Are you afraid of conflict? You're not alone. It's human nature to avoid situations that make us uncomfortable. And today, as jobs become more precious and tensions rise in the work place, conflict creates an even bigger stress load (at best) and irreparable damage to our jobs and relationships (at worst).
I'm a Communications Coach, and these days I'm seeing clients struggling to break out of emotions that keep them from freely speaking their truth. After I've helped them to identify what emotions they're feeling and when-as well as how emotional overload blocks them from success-we take a look together at ways they can practice using their new skills.
Conflict resolution provides the perfect opportunity. Starting small (by addressing a situation that irks you, for example) is a good way to begin your practice. Let's say you have a co-worker who really gets under your skin. He's a guy who pops his head into your work space several times a day for no particular reason. He disrespects your time and can't seem to take a hint.
What do you do?
First, get a handle on everything you've been feeling around the situation by applying self-honesty. Then move into these basic steps of conflict resolution:
1. OPEN YOUR EYES Although maintaining eye contact isn't easy for everyone, most people prefer it. It shows a level of trust and respect. Looking your co-worker in the eye when he interrupts you this time gives him your full attention (maybe something you've avoided in the past), and demonstrates patience. Be sure to cultivate this patience by paying attention to your body-and regulating your breathing if needed-so that you avoid making eye contact that's intimidating or otherwise threatening.
2. OPEN YOUR EARS Listening is crucial to conversation, especially when emotions come into play. It's too easy to misinterpret what's being said when you're overly emotional. The brain can only handle so much at once.
It may be tempting to begin speaking straight away, in order to get the topic out on the table upfront. However, truly successful conflict resolution requires you to be a receiver first and a mouth piece second. There are many ways you can continue to demonstrate patience and mentally prepare yourself by being fully present in the moment as it arises.
Active listening is a great way to put your co-worker (and yourself!) at ease in this scenario. Examples of active listening include nodding your head, smiling or frowning when appropriate, and responding with phrases like, "I see," or "Mmm-hmmm." An advanced active listening technique, called mirroring, helps you to further sift through the information your colleague is sharing. This is key when you're feeling impatient or otherwise emotional inside and may not be processing info. correctly. In mirroring, you repeat back what the other person has said or sometimes even what she or he seems to be saying "between the lines," as in this sample conversation:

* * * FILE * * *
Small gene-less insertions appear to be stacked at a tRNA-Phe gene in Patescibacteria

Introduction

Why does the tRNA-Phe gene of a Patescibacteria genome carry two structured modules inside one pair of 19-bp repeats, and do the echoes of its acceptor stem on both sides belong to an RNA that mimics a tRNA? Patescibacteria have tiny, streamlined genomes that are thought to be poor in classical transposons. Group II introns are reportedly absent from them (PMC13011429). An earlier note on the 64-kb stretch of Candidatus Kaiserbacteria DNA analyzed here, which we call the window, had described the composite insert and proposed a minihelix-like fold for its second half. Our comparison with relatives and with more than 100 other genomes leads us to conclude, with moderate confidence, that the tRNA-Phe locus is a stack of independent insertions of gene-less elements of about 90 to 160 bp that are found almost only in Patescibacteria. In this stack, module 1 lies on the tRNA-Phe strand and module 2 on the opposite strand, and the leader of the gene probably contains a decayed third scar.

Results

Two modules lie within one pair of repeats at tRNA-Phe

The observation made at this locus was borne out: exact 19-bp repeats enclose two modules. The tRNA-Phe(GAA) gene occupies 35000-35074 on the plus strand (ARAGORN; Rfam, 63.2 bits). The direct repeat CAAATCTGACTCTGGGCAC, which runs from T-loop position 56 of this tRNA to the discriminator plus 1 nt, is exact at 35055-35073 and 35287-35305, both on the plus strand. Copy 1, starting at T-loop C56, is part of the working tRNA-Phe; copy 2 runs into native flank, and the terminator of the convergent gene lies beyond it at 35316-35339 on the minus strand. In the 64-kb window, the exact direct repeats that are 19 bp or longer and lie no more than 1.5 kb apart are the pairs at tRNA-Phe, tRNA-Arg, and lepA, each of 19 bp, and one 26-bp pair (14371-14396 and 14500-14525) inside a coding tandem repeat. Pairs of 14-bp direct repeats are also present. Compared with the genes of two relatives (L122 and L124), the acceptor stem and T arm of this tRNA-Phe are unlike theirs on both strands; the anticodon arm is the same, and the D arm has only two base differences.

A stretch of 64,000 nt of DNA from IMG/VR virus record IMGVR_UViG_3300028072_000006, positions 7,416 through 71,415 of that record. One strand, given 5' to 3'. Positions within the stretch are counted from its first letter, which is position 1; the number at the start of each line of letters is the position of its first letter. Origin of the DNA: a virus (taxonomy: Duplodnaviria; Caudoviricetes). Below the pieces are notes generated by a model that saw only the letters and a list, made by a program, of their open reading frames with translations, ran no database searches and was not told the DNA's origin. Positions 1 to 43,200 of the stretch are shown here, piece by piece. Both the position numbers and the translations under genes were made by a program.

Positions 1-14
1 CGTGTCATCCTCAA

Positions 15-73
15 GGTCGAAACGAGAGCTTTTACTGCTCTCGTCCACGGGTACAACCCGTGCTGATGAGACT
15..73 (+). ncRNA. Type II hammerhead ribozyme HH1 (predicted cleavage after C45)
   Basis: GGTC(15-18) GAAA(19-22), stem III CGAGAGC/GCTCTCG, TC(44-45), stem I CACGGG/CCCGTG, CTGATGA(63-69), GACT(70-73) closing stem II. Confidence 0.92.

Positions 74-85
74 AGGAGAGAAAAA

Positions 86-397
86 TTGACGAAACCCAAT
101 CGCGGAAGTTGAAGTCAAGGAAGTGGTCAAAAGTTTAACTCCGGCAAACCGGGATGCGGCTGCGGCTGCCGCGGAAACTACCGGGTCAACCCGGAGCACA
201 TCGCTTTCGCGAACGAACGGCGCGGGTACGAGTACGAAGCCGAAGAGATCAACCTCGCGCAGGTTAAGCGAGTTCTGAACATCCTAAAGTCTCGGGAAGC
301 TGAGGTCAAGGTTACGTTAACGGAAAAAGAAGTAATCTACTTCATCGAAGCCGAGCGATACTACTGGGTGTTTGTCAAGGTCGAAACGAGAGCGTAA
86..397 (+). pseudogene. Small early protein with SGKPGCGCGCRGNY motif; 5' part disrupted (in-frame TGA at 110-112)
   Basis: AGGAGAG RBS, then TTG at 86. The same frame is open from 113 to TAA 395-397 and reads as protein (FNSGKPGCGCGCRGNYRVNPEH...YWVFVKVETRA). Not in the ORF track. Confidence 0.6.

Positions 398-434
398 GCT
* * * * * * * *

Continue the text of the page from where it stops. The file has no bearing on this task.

CO-WORKER: (blathers on about his morning)
YOU: (evenly or with empathy) It sounds like you've had a very busy morning.
CO-WORKER: Oh, let me tell you another thing, too-!
YOU: I'm sorry to interrupt your story, but I do have get back to work. Could we finish this conversation another time?
CO-WORKER: (sarcastically) Oh, well, excuse me! What are you working on that's so important, anyway? (half-jokingly) Top secret?
YOU: It sounds like I offended you.
3. OPEN YOUR HEART While staying as unemotional, or calm, as possible is important in conflict resolution, it's doubly as important to generate empathy for the person you're facing. Sometimes it's hard to find even an ounce of compassion for the one you're in conflict with, but there is a shortcut to this. Look for common ground; if you have to, start with the very issue you're arguing over. After all, one thing you can say for certain about this person is that you both feel passionate about what's at stake!
In the case of your annoying co-worker, you can know that you both like being in your work space (albeit for different reasons), and each of you wants more of YOUR particular time. When you open your heart to your co-worker from this point of view, you're more apt to be amused and more easily relate. And when you open your heart to yourself, likewise, you're sure to protect your own boundaries and goals as the conversation progresses.
Making good eye contact, patiently listening to really discern what's being said, and employing empathy to find common ground are the basic tenets of conflict resolution, big and small. Use these three basic steps to walk your way through controversy and find peace for yourself.